Nokia jumps into bed with LightSquared
And Qualcomm finds use for UK assets
Nokia will provide a data-centric device for LightSquared's network next year, competing with devices based on Qualcomm's L-Band TDD LTE chips - a Scrabble bag of letters that could do well in Blighty.
LightSquared plans to build a national network covering 92 per cent of Americans by 2015 and using ground-component frequencies with satellite connectivity for in-fill. Devices will need to operate on an unusual mix of frequencies, and have a satellite capability to avoid breaking the FCC rules on the use of spectrum reserved for satellite communications. That means no existing device will fit the bill, but the devices that are launched could also be used in the UK - in the L Band space that Qualcomm owns. Qualcomm had been struggling to find a use for the band space since it paid more than eight million quid for it.
When it bought the spectrum more than two years ago, it looked as if Qualcomm would be offering mobile TV based on its MediaFlo technology. But MediaFlo is dying in the US, and no matter how many times it has been offered, it seems the public just isn't interested in watching broadcast TV on a phone. This leaves Qualcomm with a significant chunk of spectrum and no application to fill it.
The only good news is that WorldSpace, the satellite-radio company which owns the same spectrum across Europe and with whom Qualcomm would have to avoid interfering, have gone titsup, changed ownership, and frankly have other things to worry about. Which could leave the L Band usefully empty if only handsets existed to make use of it.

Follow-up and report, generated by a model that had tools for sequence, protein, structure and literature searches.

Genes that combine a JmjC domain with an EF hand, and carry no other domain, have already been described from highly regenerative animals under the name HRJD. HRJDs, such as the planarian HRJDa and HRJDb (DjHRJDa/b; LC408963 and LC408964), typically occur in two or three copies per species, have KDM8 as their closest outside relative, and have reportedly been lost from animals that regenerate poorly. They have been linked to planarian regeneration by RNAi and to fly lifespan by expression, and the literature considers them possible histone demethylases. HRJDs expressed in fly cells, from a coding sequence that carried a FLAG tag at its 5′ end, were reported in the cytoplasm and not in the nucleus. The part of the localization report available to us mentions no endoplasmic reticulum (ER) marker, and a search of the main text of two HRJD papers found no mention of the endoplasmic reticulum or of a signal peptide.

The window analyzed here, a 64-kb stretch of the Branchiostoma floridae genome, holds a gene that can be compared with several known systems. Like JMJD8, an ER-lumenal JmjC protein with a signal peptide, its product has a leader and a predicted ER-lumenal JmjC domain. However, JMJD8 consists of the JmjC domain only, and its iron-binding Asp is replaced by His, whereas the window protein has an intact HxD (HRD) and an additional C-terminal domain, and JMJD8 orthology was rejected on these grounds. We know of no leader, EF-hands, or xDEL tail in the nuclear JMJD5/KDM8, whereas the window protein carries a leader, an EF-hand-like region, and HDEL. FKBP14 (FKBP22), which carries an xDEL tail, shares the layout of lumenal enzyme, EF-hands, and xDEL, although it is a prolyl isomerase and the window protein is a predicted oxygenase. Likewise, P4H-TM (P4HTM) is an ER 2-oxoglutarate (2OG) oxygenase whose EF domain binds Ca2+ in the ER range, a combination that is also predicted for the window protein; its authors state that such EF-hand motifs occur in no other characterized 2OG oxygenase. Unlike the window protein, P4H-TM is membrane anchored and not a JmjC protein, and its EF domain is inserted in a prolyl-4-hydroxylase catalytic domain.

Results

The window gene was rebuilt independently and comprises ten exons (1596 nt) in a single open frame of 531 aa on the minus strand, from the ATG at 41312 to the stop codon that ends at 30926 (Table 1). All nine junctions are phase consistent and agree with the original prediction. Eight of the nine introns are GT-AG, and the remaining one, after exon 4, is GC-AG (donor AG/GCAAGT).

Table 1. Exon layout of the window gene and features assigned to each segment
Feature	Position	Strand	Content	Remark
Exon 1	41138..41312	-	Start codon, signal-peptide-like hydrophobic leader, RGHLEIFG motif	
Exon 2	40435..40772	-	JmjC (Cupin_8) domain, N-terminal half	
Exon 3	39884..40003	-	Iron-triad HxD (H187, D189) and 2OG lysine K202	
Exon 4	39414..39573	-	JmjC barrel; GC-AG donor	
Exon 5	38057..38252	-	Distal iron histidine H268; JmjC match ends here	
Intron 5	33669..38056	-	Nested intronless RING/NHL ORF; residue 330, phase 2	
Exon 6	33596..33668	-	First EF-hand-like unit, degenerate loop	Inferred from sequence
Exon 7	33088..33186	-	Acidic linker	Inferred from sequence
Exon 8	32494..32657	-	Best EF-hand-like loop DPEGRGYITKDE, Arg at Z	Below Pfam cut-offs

This is exactly what Nokia has promised to deliver, and Qualcomm had promised to provide chips for. It's safe to assume that Qualcomm won't be providing chips to Nokia, but the company will be supplying processors that support quad-band GSM, WCDMA, HSPA+ and LTE in a range of frequencies including the L Band space that LightSquared will be using in the US, and Qualcomm owns in Blighty. AnyData will be the first customer for those chips - building USB dongles initially - but both LightSquared and Qualcomm will be hoping that others quickly join the fray.
LightSquared is having a hard time signing up manufacturers as it won't promise to buy any devices. Its business model relies on third parties hiring network capacity in bulk and selling it on to their general public, ideally subsiding the kit too. Nokia Siemens is already working on building the network, despite the fact that LightSquared has less than a quarter of the $7bn it will cost, but Nokia had no obligation to get involved - which could be taken as an important endorsement or a confirmation that Nokia really will try anything to break into the US market.
Either way, LightSquared is pioneering a new kind of frequency-agile, multi-protocol network of which we're going to see a lot more, and even if that project falls on its face the technology will turn up all over the place, perhaps even on this side of the pond. ®